Jurors heard from Georgia Bureau of Investigation specialists and witnesses in Bartow County Superior Court Judge Carey Nelson’s courtroom. In an emergency move Tuesday about 3 p.m., Nelson replaced a male juror with the alternate after the juror was dismissed because of an illness.
Testifying late Tuesday morning, GBI Medical Examiner Jacqueline Martin said Ayers died from “complications of multiple sharp-force injuries.” When asked by prosecutor Erle Newton to clarify the manner of death, Martin said, “Homicide.”
Ayers was stabbed nine times in the bedroom of his Joe Frank Harris Parkway residence about 10:30 p.m. Feb. 5, 2012. Drews faces multiple charges, including malice murder and felony murder, in connection with Ayers’ death.
Based on her findings, Martin said, Ayers suffered at least two strokes — one to the right frontal lobe and one to the left frontal lobe — because of clotting following the stabbing attack.
Defense attorney James Wyatt questioned Martin about the type of weapon used, which the doctor said she believed was a knife. Martin maintained that, although it was possible more than one sharp-force object was wielded, Ayers’ wounds most likely were caused by one weapon.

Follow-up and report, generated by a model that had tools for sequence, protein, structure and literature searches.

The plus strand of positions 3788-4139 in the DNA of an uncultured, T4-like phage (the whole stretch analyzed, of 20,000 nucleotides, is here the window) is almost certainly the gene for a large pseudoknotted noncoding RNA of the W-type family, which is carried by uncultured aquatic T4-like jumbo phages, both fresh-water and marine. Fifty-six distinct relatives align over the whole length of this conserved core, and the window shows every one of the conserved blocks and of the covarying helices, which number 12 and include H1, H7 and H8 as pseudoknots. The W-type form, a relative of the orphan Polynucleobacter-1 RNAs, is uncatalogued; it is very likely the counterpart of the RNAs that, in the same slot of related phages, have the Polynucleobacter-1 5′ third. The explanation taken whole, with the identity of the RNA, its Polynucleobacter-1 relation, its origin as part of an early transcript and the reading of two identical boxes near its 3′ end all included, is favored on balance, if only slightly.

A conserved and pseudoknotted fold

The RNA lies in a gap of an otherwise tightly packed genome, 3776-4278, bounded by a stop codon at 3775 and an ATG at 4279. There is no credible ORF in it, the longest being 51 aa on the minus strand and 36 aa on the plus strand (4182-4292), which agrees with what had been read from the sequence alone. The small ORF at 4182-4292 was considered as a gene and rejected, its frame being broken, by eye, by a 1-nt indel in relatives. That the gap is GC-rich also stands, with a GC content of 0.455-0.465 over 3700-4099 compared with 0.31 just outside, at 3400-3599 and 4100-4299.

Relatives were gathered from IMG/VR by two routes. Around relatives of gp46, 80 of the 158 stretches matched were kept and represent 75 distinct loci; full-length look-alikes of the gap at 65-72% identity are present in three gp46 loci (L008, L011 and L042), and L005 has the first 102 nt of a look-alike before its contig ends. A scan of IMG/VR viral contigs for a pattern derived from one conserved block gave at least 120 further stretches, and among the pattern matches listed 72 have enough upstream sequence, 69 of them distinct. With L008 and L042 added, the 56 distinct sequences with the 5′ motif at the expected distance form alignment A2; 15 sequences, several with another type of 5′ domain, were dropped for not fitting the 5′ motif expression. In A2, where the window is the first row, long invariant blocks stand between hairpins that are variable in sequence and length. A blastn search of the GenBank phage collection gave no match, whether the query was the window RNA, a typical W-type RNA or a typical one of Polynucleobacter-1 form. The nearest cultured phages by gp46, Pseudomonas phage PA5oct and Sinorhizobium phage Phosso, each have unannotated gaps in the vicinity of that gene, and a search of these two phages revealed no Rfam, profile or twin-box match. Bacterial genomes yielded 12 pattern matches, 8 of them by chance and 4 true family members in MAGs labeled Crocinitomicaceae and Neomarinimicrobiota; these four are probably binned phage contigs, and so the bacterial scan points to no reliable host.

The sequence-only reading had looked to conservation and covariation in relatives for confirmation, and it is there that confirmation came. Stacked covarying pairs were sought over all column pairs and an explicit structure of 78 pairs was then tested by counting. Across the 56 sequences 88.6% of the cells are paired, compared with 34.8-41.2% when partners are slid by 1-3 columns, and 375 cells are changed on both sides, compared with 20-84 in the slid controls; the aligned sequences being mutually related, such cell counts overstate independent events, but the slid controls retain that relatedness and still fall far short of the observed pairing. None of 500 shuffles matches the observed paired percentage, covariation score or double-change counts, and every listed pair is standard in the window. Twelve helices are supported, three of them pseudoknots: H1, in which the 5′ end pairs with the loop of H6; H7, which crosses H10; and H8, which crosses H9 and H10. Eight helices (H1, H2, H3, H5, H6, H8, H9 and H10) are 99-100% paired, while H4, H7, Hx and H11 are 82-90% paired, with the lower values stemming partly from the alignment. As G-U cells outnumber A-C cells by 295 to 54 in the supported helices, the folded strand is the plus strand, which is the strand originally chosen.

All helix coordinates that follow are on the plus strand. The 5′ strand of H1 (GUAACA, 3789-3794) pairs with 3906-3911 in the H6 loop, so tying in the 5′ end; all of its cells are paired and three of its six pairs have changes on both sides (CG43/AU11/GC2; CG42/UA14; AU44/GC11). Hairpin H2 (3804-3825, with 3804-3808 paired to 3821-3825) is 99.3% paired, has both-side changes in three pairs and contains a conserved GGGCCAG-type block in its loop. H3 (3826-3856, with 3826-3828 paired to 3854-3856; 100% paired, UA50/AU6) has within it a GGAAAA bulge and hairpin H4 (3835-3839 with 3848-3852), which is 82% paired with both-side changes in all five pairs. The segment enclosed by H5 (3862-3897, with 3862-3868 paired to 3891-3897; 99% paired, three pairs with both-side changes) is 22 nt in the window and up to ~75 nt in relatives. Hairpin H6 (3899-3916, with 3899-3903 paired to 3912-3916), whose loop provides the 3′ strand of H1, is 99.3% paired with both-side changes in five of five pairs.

Troyce Warren took the stand in afternoon testimony. Warren resided with Ayers at the time of the incident and was wounded the night Ayers was stabbed.
According to his testimony, Warren was asleep when Drews kicked his bedroom door and then ripped the door open.
He said Drews entered the bedroom wielding a four- to five-inch blade between the fingers of his right hand, which was covered in blood.
Warren said Drews stated, “You [expletive], I found Lucky dead and it’s your fault” before threatening Warren. Drews then allegedly attacked Warren, slashing his chin and stabbing Warren in the shoulder and leg, Warren testified.
Warren fought back, moving from his bedroom located on the porch of the residence and into the living room of the home, he testified.
“I beat him as much as I could and as hard as I could,” Warren said.
Warren said he did not stop fighting Drews until police arrived.
Under cross examination, Warren testified that he was not aware of Ayers carrying a large amount of cash. He could not recall whether he pistol-whipped Drews with a pellet gun from the residence.
Wyatt said in his opening Monday that $1,500 in cash and a gun used in an attack on Drews that night were removed from the home.
Testimony will continue at 8:15 a.m. today in courtroom C at the Frank Moore Administration and Judicial Center.